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Hurricane Irma bound for Gulf and East Coast

Hurricane Irma headed our wayHurricane Irma bound for Gulf and East Coast

On the coat-tails of Hurricane Harvey rides Hurricane Irma, already the strongest hurricane ever recorded outside the Caribbean and the Gulf of Mexico, nearing historical precedent and a theoretical limit for how strong it can get.

Irma is a category 5 hurricane with maximum winds reaching approximately 185 mph, surpassing the 157 mph requirement categorizing a standard cat 5 hurricane. Formed in the far eastern Atlantic Ocean near the Cape Verde Islands, these Cape Verde Hurricanes are known to have a tendency of becoming some of the largest and most intense hurricanes, such as hurricanes Hugo (1989, cat 5, highest winds of 160 mph, 107 direct deaths), Floyd (1999, cat 4, highest winds of 155 mph, 57 direct and 20-30 indirect deaths), and Ivan (2004, cat 4, highest winds of 165 mph, 92 direct and 32 indirect deaths).

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Hurricane Harvey Devastates Texas

Hurricane Harvey Slams TexasHurricane Harvey Slams Texas

By now, we’ve all heard of the disaster of Hurricane Harvey and its affects on numerous southern states, specifically that of Texas. Record accumulation of rainfall is affecting south-east Texas, Louisiana, Arkansas, Mississippi while tropical storm force winds affecting primarily Texas and Louisiana has produced massive flooding throughout Texas.

Search and rescue by boat and air is underway, as there’s no end in sight of the floods and damage, as well as the residents seeking refuge from this catastrophic event. The National Weather Service forecast rainfall of 15 to 25 inches through Friday, with as much as 50 inches in a few areas stating that flooding is expected to continue for days. The NY TIMES reports a record 22 inches fell on the county in one day, while The Guardian states, “The sheer scale of Harvey – some parts of Texas may experience a year’s worth of rainfall in just over a week”.

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Boise Idaho

Flood protection - Boise IdaholFlood Protection for Boise Idaho

Damitdams was contacted by the city of Boise, Idaho to supply cofferdams for flood protection for one of the city buildings that is uses for monitoring traffic control in the city of Boise.

The building is roughly 100 yards from the Boise River, which is a tributary for of the snake river.  The river, which  is 102 miles long, is expected to reach record levels this year. Damitdams Inc. supplied 4 cofferdams at a size of 4 feet tall by 200 feet long.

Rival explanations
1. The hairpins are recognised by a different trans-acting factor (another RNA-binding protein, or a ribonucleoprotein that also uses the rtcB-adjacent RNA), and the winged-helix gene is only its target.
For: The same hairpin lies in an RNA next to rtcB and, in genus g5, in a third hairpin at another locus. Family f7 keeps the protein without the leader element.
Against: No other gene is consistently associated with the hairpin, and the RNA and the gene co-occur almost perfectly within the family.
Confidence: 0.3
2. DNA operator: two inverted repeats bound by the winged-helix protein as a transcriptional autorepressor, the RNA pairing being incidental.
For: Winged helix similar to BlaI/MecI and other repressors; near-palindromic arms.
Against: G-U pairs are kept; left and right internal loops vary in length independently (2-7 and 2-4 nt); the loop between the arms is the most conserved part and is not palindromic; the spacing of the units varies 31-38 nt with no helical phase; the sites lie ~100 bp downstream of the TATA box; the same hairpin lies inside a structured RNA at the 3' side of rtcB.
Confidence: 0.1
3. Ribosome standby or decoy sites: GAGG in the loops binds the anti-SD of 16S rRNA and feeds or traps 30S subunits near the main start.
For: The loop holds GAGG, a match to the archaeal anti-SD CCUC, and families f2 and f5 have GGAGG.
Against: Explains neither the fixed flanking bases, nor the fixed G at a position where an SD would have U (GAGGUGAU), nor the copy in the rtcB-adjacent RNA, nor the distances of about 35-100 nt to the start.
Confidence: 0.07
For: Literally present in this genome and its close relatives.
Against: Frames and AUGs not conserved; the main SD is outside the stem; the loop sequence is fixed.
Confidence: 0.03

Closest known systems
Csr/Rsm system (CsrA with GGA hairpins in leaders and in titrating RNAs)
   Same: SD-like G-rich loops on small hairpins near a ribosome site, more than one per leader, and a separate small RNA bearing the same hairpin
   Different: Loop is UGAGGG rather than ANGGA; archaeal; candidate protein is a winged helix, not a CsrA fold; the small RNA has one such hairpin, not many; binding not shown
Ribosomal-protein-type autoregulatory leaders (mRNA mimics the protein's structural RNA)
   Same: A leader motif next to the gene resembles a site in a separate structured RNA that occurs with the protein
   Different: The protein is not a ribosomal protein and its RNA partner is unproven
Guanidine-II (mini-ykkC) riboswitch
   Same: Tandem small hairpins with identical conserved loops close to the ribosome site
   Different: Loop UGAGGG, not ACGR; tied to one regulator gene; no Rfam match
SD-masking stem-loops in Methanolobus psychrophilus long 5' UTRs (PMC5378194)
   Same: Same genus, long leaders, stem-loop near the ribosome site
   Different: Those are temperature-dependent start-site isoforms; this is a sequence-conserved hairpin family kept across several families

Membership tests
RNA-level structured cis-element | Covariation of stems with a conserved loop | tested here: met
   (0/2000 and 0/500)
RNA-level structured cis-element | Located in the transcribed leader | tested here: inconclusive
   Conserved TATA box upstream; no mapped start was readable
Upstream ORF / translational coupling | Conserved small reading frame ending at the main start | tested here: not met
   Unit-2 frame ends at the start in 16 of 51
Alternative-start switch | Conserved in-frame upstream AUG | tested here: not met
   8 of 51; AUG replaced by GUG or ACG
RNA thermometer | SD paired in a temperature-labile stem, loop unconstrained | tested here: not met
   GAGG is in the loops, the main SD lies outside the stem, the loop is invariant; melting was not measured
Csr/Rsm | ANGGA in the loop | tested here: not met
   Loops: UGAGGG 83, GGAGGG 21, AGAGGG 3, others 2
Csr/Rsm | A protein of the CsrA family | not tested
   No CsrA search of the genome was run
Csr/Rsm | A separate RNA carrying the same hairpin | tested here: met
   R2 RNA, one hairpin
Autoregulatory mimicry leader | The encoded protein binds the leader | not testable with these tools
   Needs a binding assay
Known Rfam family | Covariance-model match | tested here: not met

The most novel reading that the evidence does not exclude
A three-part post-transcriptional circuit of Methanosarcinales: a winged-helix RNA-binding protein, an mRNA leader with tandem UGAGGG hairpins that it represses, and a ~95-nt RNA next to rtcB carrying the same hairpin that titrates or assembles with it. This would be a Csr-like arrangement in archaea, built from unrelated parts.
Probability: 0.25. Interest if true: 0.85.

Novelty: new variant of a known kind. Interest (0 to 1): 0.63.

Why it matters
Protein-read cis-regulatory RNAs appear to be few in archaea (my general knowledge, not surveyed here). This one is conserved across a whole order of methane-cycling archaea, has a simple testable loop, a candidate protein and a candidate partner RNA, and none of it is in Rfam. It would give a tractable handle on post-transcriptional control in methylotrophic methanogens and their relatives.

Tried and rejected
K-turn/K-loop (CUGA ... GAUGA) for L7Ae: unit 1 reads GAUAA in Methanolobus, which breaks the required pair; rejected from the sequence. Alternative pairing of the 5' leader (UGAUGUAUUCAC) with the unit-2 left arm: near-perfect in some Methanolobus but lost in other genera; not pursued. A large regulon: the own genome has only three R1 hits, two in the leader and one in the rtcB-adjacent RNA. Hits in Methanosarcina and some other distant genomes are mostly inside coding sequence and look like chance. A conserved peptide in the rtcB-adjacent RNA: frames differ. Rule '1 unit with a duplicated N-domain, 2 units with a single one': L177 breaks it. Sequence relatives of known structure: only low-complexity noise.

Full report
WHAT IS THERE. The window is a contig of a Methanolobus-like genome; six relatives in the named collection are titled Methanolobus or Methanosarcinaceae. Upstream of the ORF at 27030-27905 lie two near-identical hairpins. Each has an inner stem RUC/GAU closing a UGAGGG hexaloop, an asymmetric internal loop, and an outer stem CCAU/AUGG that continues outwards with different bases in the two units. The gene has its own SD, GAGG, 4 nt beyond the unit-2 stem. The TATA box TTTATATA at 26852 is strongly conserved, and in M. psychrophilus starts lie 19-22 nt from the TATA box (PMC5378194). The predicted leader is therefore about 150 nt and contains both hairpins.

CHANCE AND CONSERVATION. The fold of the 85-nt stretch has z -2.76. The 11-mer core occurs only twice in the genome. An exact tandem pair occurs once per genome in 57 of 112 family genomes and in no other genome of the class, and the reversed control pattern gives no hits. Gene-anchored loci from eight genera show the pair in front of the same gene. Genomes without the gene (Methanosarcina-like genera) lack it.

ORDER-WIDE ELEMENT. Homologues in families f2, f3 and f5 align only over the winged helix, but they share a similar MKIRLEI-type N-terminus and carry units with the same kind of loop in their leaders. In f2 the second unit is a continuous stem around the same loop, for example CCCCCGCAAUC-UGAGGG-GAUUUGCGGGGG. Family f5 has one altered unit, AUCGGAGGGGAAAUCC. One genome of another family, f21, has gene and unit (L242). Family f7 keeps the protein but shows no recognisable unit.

The cofferdams will be connected to surround the building, creating a water tight barrier against the rising waters of the river. It is Expected that the levels of water flooding the building will reach 2 or 3 feet within the next couple of days . A representative from Damitdams went to Boise to help install the cofferdam and help prepare for the flood. Once the flooding is no longer a threat, a DamitDams representative will return to remove the cofferdam.

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Cofferdams and Caissons

Caissons and Cofferdams

A Caisson is a watertight structure used for retaining water in order to work on the foundations for bridges, piers, and other structures. Generally speaking, the water is pumped out to create a completely dry work environment. Some caissons can be open-air caissons, whereas others may use compressed air to keep the mud and water out. Installation involves pushing it into the mud, until it reaches clay or another solid foundation. Due to the pressures inside of caissons, there are many risks to the workers.

There are four main types of caissons:


Box caissons are put into place and filled with concrete, and may make up the foundation for other structures. These caissons must be anchored to allow them to remain in the proper position until they have been filled with concrete.

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Are Sandbags the Right Solution for You?

A sandbag flood wall

Are Sandbags the Right Solution for You?

The Environmental Agency of the UK, as well as many experts in the field of flood protection agree that sandbags are ineffective for groundwater flooding, and are only useful when combined with plastic sheeting.Sandbags are time consuming and difficult to handle, and are susceptible to seepage and leakage. Sandbags take at least two people to fill, and at a relatively slow rate of roughly 12 in an hour. They are difficult to handle, can be quite heavy, and time consuming to lay out. If not laid correctly, they become even less effective, further illustrating the need for sandbag alternatives.

Even in a best case scenario, when the bags are stacked properly, they will still seep water.Sandbags are often filled with bacteria from the dirty floodwater, and have proven difficult to dispose of when the flood water has receded.

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